In three documents seen by POLITICO, EU countries put forward different viewpoints on mandatory relocation of refugees within the bloc, which they’ve been at odds over since the 2015 migration crisis. Then, the Commission led by Jean-Claude Juncker pushed for a mandatory relocation system for asylum seekers but faced resistance from a group of Eastern European countries led by Hungary.

The Commission is now trying again to reform the EU asylum system and is expected to make a presentation later this month — which may be a strategic communication rather than a legislative proposal — on what it wants to do.

The debate is the same as it was in 2015 with the only difference being that “some member states have toughened their positions because of new governments,” said one diplomat, referring to countries such as Estonia, which now has a far-right anti-immigration party, EKRE, in its coalition.

In a two-page document dated June 4, five Mediterranean countries (Cyprus, Greece, Italy, Malta and Spain) call for “a mandatory relocation mechanism entailing the distribution among all Member States of all those who enter the territory” of a European nation, including as a result of search and rescue (SAR) operations at sea.

“We need to find common solutions that will strengthen Europe rather than put forward positions that reawaken old disagreements”— Karl Nehammer, Austria’s interior minister and Mattias Tesfaye, Denmark’s interior minister

The proposal from the Mediterranean countries comes as EU government are negotiating the next long-term EU budget. Frontline states have often accused Eastern European countries of being net beneficiaries of EU money while refusing to take in asylum seekers, while countries from the north and east have accused those in the south of letting migrants irregularly move to other EU countries (so-called “secondary movements”).

In the same document, the five Mediterranean countries touch upon another controversial point when they ask “to overcome the criterion of the responsibility of the country of first entry,” the cornerstone of the so-called Dublin regulation that makes the country of arrival responsible for the asylum claim. “Over the years its application has failed to ensure a fair burden sharing between Member States by concentrating the burden in just a few of them,” they wrote. 

But, highlighting how divisive the issue is, in a four-page letter also dated June 4 and seen by POLITICO, the interior ministers of Austria and Denmark rejected this call.

“We need to find common solutions that will strengthen Europe rather than put forward positions that reawaken old disagreements,” wrote Karl Nehammer, Austria’s interior minister (from the center-right People’s Party) and his Danish counterpart Mattias Tesfaye (a social democrat who is the face of the center-left party’s new hard line on migration).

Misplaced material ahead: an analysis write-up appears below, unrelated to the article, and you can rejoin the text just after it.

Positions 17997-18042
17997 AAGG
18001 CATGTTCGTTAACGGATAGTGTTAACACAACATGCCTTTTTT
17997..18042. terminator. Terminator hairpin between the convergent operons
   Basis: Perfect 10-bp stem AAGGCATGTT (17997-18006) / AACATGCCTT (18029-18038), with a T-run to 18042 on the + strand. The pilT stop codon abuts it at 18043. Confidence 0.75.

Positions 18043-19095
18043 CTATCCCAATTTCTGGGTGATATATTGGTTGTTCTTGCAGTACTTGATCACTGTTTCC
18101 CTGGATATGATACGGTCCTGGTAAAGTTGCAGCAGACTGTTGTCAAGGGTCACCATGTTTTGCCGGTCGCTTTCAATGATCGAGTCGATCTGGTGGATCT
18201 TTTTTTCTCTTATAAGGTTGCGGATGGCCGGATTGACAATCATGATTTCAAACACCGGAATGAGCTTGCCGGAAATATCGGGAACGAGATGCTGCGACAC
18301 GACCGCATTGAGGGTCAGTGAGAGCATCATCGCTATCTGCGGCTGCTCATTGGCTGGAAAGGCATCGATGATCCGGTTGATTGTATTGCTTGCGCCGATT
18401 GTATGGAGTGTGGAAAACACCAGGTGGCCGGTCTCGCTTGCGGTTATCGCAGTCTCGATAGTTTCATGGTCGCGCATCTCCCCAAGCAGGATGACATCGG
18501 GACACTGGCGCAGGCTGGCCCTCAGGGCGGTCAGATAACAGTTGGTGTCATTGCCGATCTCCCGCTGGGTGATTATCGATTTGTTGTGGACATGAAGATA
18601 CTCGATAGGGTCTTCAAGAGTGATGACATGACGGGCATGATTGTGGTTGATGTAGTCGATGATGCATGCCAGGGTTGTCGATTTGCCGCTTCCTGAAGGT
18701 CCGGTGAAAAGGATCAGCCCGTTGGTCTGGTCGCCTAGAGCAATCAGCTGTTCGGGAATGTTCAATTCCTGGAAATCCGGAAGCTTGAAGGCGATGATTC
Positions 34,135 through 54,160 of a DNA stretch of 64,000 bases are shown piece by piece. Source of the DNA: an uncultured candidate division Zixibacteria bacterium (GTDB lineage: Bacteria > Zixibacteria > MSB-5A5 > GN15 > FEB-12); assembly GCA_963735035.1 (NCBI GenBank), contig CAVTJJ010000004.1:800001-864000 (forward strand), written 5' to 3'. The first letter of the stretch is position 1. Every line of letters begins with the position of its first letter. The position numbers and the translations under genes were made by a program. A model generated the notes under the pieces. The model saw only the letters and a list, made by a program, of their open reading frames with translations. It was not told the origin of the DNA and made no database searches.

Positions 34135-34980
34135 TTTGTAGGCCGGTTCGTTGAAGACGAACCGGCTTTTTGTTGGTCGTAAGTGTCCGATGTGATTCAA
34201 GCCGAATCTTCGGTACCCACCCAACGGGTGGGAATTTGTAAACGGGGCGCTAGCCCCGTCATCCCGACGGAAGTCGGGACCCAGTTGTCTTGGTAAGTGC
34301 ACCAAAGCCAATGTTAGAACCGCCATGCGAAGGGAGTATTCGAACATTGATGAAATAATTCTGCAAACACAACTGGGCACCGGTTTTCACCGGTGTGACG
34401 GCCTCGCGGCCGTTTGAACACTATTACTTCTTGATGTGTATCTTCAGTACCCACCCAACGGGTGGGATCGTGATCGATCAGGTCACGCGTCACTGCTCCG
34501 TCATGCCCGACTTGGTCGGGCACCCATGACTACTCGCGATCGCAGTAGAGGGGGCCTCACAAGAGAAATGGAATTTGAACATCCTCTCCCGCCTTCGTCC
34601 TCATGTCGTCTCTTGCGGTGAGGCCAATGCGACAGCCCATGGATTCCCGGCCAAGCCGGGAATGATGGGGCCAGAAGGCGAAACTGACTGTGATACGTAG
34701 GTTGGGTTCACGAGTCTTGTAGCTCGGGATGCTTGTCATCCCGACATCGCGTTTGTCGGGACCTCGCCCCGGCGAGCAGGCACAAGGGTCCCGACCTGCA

“Automatic and mandatory relocation of migrants and asylum seekers, including after SAR operations, is such a position,” they said in the letter sent to Margaritis Schinas and Ylva Johansson, the two commissioners in charge of migration. Mandatory relocation “not only carries the risk of establishing a pull factor which will increase irregular migration to Europe” but it will also “endanger the possibilities of finding common ground on a new asylum and migration policy as a whole.”

The two ministers call for a compromise: “While showing solidarity should be mandatory, Member States should be given flexibility when it comes to concrete solidarity measures,” they said, suggesting solidarity can be provided in other forms and not only by taking in asylum seekers.

That’s also basically the line of many Central European and Baltic countries.

In another four-page letter, dated June 3 and sent to the same commissioners, but this time by the interior ministers of Austria, the Czech Republic, Estonia, Hungary, Latvia, Poland, Slovakia and Slovenia, they don’t deny that they have to provide help but call for the mandatory part to be “border procedures” and not the relocation (“we must reiterate our strong objection to mandatory relocation of asylum seekers and migrants in any shape or form,” they said).

They support the idea of providing solidarity in other forms and talk about “further strengthening of solidarity with the front-line Member States with extended financial, technical, operational and expert support provided by the EU, its agencies and Member States.”

Source : Politico EU More